Y chromosome haplogroups: a correlation with testicular dysgenesis syndrome?

Y chromosome haplogroups: a correlation with testicular dysgenesis syndrome?

McElreavey K, Quintana-Murci L.
Reproduction, Fertility and Populations, Institut Pasteur, Paris, France. kenmce@pasteur.fr

Testicular dysgenesis syndrome encompasses low sperm quality, hypospadias, cryptorchidism and testicular cancer. Epidemiological studies and genetic data from familial cases suggest that testicular dysgenesis syndrome has a common etiology. The Y chromosome is known to encode genes that are involved in germ cell development or maintenance. We have therefore investigated if different classes of Y chromosomes in the general population (Y chromosome haplogroups) are associated with aspects of the testicular dysgenesis syndrome. We defined the Y chromosome haplogroups in individuals from different European counties who presented with either (i) oligo- or azoospermia associated with a Y chromosome microdeletion, (ii) unexplained reduced sperm counts (<20 x 10(6)/ml) or (iii) testicular cancer. We failed to find Y chromosome haplotype associations with either microdeletion formation or testicular cancer. However, in a study of the Danish population, we found that a specific Y chromosome haplogroup (hg26) is significantly overrepresented in men with unexplained reduced sperm counts compared with a Danish control population. The factors encoded by genes on this class of Y chromosome may be particularly susceptible to environmental influences that cause testicular dysgenesis syndrome. Our current data highlight the need for further analyses of clinically well-defined patient groups from a wide range of ethnic and geographic origins.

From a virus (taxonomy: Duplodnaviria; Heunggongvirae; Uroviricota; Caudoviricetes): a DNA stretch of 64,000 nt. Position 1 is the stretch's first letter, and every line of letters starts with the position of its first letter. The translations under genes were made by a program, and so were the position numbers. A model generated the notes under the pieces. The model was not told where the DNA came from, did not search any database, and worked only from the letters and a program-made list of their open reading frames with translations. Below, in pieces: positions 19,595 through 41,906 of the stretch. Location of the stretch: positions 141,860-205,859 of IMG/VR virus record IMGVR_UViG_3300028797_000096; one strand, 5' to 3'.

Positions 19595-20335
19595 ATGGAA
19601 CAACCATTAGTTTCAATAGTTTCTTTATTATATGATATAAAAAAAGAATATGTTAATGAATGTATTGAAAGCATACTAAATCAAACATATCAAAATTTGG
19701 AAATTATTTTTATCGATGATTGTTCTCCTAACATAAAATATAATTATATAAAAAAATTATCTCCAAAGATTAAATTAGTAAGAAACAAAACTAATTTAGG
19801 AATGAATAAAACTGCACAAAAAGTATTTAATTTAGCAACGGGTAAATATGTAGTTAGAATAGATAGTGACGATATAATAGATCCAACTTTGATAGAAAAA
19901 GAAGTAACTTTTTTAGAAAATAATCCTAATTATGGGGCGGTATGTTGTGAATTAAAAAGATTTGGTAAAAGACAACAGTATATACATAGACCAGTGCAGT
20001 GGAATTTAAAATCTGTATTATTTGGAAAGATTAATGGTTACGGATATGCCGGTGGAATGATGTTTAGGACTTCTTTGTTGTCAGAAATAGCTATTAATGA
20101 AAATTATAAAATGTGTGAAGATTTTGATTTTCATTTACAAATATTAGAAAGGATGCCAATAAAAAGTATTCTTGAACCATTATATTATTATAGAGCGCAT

Another study that suggests a Y chromosome prone to infertility.

2 responses to “Y chromosome haplogroups: a correlation with testicular dysgenesis syndrome?

  1. Hmmm…

    Can’t recall which modern nomenclature haplogroup does Hg26 relates to but considering that the major European clades were all in Hg1 (roughly R1b), 2 (rouhghly I) and 3 (roughly R1a), it’s obviously a very minor clade among Danes (haplpgroup E, J?).

    I must say I find it unlikely that a direct Y-DNA lineage association with very low sperm quality, more in such a minority clade. Such strict correlation should have rendered the lineage exinct long ago. I’d rather think that a fraction of that lineage has recently developed in Denmark (and ony there probably) the sperm complication.

  2. “I find it unlikely that a direct Y-DNA lineage association with very low sperm quality, more in such a minority clade. Such strict correlation should have rendered the lineage extinct long ago.

    True, however Peter Frost has argued northern Europe was where sexual selection was skewed away from competition between males. If so it would presumably reduce male fertility competition.

    “In some environments, women competed against other women for a limited number of available men.”
    When did Europeans become ‘white’?

    Where sexual selection was focused on women a poor sperm quality lineage could have survived. That it is found among the blonde white skinned Danes is consistent with the theory.

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